the tale of one woman’s breasts
Do you remember the moment when you first became aware (or self conscious) of your body? I do. It was summer. Hot and sticky. I was probably five or six years old. I was running around the house in pink cotton panties and nothing else. A neighbor came over for coffee. No “Hi”, “How are you” etc. The first thing she said to me was, “I see your boobies!” I was mortified by that comment and to this day it’s a great discomfort for me to bare my chest. Well, thank you neighbor.
In highschool changing in the locker room was a nightmare. Heaven forbid someone would see my breasts and make another rude comment. One of my fears was, “How come you don’t have any nipples?” Yep, that was my greatest fear because everywhere I looked women who bared their breasts had nipples. Especially the girls in the change room. I thought I was deformed.
Breast exams were instituted by my doctor in my early teens. He was obviously awkward and I know now not thorough for had he found anything it would have had to have been the size of a soccer ball. Even now I stare up at the ceiling holding my breath until it’s over despite having a woman doctor.
College came. Thank goodness I took a health program otherwise I would never have seen the true variety existing in breast design. No two sets of breasts are alike. Not even in cosmetic surgery. There’s variation in nipple size, nipple color, nipple inversion or not. Breast size, shape, height, and mass. Breasts are just as varied as the people carrying them. Breast awareness programs should start at an early age, as soon as budding occurs. Why wasn’t I taught all breasts are normal and how to figure out my bra size? Why did I have to try to learn from magazines and bra boxes and still get it all wrong? It wasn’t until I worked in a retail clothing store in which they had a mini course presentation on bra fitting that I learned how to fit a bra. It’s still a complicated procedure. No wonder why so many women are walking around with the wrong kind of bra. Shouldn’t we be taught these things from an early age? By someone who actually knows what they’re talking about?
Now that I’ve gotten through the early years I’m on to the sagging years. Yes, no matter what women do, their breasts are going to sag. You can wear push up bras until you’re blue in the face but when the lights go out and the bra comes off the breasts will most certainly come down.
Have I ever thought about plastic surgery? You bet. If I had the money I’d go out there and buy myself some perky knockers. Why? Well of course my reasons are purely for comfort. They have nothing to do with appearance. I don’t like the sweat under the lower edge and I really hate how they tousle-to-and-through when they’re loose. To have firm breasts and nipples not pointing to my toes would simply be a pleasure. Wouldn’t it? (For those out there who on occasion take me too seriously, this paragraph was tongue in cheek… sort of.)
Why do I really think I’d get surgery? Well let me tell you. Couple weeks ago I was watching a movie from the eighties. Can’t remember the name but I do remember the scene in which the main characters walk through a strip bar. The women were doing their pole action. The rest of the scene was totally oblivious to me. I was focused on the women in the background (who my husband says he didn’t notice). What I noticed was the dancer’s breasts. They were small!! They were beautiful but they were small. Itty bitty compared to the blow up doll size ones we see on the Sopranos. So what am I saying…media does make a difference. It has to. We are bombarded with images constantly between billboards and television. Ever wonder why during TV intermission you may see the same commercial two or three times? During a one-hour program you might see the same commercial 20 or more times. This is because the more we see something the more it sticks with us. Advertisers know, that’s why they do it. So why on earth would all the images we see of big round breasted not affect us or the men around us? Media matters.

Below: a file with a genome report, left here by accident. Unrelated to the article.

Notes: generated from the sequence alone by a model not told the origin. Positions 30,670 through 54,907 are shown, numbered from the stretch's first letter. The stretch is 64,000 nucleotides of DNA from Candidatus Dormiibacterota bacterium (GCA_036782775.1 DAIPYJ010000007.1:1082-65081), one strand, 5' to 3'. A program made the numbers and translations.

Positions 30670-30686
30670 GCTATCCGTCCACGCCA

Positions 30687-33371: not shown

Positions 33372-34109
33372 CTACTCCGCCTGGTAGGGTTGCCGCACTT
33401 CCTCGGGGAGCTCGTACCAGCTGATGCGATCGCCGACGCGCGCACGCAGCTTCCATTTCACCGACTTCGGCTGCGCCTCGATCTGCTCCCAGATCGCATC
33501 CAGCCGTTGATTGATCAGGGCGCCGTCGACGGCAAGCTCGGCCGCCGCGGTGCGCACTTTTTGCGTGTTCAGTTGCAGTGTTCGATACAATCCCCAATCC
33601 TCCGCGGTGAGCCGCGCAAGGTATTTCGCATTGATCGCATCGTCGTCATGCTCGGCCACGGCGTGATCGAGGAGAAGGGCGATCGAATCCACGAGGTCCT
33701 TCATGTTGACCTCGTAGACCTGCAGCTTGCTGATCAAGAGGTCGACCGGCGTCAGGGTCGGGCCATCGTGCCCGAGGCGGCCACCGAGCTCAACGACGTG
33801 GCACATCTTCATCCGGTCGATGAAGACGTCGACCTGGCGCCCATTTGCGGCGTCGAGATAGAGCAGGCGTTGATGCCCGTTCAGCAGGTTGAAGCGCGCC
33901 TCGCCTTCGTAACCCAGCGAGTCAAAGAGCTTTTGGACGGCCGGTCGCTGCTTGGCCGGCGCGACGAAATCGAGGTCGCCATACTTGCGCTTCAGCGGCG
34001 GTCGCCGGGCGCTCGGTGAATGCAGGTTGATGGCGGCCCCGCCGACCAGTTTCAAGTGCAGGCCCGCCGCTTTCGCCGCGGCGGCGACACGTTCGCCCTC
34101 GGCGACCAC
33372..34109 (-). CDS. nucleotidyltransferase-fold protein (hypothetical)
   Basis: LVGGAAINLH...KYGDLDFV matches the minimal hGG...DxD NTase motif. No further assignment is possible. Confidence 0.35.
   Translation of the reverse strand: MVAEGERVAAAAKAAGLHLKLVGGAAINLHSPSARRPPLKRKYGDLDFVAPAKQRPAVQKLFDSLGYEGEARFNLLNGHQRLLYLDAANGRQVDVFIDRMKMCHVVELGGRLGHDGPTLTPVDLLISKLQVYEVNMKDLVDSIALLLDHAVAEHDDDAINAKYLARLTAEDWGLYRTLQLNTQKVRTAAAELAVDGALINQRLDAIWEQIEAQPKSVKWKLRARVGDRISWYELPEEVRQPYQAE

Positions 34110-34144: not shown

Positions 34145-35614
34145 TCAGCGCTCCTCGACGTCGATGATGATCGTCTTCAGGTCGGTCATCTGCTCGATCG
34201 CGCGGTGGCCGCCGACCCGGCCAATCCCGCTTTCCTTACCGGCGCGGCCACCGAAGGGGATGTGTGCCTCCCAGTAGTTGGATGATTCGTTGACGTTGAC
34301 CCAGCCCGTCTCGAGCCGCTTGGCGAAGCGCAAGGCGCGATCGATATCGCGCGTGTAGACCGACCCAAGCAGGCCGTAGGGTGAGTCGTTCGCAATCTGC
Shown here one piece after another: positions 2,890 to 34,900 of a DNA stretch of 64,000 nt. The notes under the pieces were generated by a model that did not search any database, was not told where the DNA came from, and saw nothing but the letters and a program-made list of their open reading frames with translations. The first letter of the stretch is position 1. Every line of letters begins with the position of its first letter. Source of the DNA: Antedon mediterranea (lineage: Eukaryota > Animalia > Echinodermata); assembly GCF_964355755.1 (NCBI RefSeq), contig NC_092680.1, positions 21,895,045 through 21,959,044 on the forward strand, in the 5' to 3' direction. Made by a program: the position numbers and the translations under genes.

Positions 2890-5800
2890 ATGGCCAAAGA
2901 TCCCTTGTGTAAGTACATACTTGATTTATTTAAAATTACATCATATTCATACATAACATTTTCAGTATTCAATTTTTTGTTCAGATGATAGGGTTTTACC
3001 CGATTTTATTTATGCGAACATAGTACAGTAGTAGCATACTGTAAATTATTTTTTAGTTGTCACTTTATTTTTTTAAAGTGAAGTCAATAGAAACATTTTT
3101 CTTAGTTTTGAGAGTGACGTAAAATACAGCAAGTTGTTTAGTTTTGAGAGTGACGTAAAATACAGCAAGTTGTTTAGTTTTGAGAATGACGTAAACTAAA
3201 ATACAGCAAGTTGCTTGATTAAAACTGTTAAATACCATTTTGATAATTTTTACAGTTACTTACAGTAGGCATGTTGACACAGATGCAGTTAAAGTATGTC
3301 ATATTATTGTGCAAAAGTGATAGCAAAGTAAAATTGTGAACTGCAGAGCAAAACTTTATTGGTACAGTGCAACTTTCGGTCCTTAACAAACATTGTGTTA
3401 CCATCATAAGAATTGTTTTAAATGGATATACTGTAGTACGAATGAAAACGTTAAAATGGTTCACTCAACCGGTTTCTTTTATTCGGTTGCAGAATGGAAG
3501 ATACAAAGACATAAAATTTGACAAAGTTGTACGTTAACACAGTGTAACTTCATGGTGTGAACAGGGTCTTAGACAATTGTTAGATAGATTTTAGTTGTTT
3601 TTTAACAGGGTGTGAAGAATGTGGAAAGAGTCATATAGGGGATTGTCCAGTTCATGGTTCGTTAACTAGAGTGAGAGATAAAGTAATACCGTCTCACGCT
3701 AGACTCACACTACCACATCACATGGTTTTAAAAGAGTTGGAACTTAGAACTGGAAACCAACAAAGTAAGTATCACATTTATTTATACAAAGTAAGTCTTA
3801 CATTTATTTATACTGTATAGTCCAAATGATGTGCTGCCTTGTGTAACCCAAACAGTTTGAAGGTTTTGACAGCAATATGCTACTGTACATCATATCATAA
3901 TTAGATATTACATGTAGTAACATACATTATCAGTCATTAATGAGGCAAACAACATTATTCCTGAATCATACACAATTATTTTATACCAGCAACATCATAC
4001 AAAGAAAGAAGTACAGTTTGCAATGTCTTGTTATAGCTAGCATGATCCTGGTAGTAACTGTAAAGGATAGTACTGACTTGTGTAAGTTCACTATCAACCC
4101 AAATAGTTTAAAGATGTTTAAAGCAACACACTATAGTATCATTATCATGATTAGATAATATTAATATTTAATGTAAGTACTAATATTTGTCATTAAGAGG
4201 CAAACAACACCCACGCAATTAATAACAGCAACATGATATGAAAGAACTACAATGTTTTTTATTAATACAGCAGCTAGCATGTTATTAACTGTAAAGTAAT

Will I stop watching the Sopranos? No of course not. But I’m now more aware of how what I watch may affect me. We should be teaching this to our children too. Don’t you miss the days when an actor walked into a strip joint and all you saw were the legs? You knew they were topless and didn’t need to see them to know. Shouldn’t it be about the story and not the breasts? Unless of course it’s a movie about breast exams? Then hey lets rip them all out so everyone can see the variance.
Now that I’m an adult you still won’t catch me streaking down the neighboring streets or even from the shower to bedroom. My self consciousness runs deep. Even if I had the most perfect breasts in the world you still wouldn’t see me streaking. Does it matter? No. Why did I feel the need to talk about it? Well, just maybe some other poor soul feels the same way and for some reason feels less than a woman or less than normal. Hopefully if she reads this she’ll realize “Hey, I’m ok, after all.”
Am I more comfortable than I was 10 to 15 years ago? Yes. Why? Because I know better. Because there’s now an open forum (like this) for open discussion among women. Because I’m more focused on being healthy and making it to my 40s. Breasts are nice but in the concept of my life they don’t determine whether or not the people in my life love me or not, or whether I love myself. They are just flesh after all and when I die they’re not what I’ll be remembered for. Are they what you want to be remembered for?
Do you perform a Breast Self-Exam every month? Don’t know how? Visit The Susan G. Komen Breast Cancer Foundation to watch a video to learn how.
Originally published 10/10/2004 at Large & Lovely, BellaOnline.